In an article I wrote a few years ago,  A Search for Meaning in a Highly Scientific and Technological World,  I asked – ‘In our age of modern science and technology, of automation and computerization, of globalization and space travel, will we finally find the answer to this perplexing question? At its present rate, we are virtually grappling with the pole vault to cope with the leaps and bounds of discoveries and inventions, which are pushing us to change our ways, and our very lives.  It is no longer us who dictate science and technology; it is science and technology that dictates us.

Virtually there is no place to escape from our high tech world.  Imagine life if there were no cell phone, cable TV, video games, malls, hospitals, e-mail, and many more.  And if we think about today’s process in making the many products we use everyday – imagine computers and robots at work in place of man.”  

                                                                                                AV Rotor, Light from the Old Arch

14. These three breakthroughs in science and technology vastly changed our lives in practically all aspects, and our regard to institutions which include politics and religion.   

·         Splitting of the atom - nuclear energy and nuclear bomb
·         Microchip - modern communication and transportation
·         Genetic Engineering – Genetically Modified Organisms, Cloning, Gene Therapy, biological warfare.

Each invention or discovery bears heavily on the way we live.
Human conditions too, have vastly changed. Radiation related death still occurs in Nagasaki and Hiroshima, more time is spent by our children with the computer than with nature, Gene Therapy – curing gene-link diseases before they are expressed – will revolutionized medicine. Naturally all these have repercussions on human health and welfare.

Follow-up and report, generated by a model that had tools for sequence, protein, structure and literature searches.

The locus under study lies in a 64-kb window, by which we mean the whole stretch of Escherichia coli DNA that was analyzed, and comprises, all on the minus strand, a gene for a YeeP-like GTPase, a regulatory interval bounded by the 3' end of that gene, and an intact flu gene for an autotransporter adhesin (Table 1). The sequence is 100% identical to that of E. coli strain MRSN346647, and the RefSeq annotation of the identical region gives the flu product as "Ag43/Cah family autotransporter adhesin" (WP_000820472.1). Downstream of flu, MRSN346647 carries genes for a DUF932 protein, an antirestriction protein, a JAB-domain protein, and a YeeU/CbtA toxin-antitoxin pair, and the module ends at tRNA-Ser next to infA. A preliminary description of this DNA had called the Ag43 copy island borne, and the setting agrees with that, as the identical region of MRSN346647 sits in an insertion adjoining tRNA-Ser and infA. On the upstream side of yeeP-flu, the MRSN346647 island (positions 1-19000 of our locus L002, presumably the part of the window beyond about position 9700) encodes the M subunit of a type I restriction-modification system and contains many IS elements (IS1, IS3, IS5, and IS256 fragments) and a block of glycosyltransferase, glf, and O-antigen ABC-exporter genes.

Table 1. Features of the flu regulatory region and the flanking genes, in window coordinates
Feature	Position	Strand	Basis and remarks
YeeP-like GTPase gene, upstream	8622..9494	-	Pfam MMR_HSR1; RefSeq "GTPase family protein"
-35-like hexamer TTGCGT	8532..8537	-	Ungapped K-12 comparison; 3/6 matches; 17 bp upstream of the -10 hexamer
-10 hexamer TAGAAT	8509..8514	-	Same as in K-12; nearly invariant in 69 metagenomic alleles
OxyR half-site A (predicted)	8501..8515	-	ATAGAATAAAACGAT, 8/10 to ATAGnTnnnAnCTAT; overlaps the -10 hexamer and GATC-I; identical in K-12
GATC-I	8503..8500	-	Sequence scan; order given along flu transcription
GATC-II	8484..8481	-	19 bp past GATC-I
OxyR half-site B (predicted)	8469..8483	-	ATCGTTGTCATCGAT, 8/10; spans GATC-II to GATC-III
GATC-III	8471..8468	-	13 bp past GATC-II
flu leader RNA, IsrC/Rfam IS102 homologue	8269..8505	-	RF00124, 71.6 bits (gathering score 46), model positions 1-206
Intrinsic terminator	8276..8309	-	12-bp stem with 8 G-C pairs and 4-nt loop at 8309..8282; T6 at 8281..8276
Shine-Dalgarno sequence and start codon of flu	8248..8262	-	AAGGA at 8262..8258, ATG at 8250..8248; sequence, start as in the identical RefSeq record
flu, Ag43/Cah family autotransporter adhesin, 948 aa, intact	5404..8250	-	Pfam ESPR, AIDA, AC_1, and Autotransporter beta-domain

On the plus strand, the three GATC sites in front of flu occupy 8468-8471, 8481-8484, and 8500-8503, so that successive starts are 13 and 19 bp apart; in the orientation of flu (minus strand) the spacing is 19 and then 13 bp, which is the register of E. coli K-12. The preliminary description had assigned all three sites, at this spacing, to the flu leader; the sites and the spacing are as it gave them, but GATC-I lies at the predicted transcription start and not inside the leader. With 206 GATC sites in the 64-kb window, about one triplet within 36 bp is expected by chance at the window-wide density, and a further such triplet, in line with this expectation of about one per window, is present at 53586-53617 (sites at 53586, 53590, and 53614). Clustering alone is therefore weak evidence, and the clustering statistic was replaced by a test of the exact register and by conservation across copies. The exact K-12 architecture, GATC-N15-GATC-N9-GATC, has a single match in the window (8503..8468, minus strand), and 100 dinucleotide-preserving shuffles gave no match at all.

15. Revolutionary industries have been born out of these breakthroughs and related discoveries linking them with the business world and society, giving rise to in vitro fertilization or test tube babies, surrogate motherhood, Human Genome Project (HGP or gene mapping), multiple childbirth, DNA mapping, etc. The prototype human robot is born, and he is not defect-free.  In fact he is more dependent on medicine and could not possibly withstand the conditions of the natural environment as we do to the extent of pampering him. Indeed he  will lead a very dependent life.

16. Globalization is changing the concept of cooperation dissolving rigid walls of nationalism to give way to regional and international cooperation such as European Union, ASEAN, APEC, CGIAR with seven members such as ICRISAT, CYMMIT, IRRI and the expansion of the United Nations to include WTO, ILO, and others.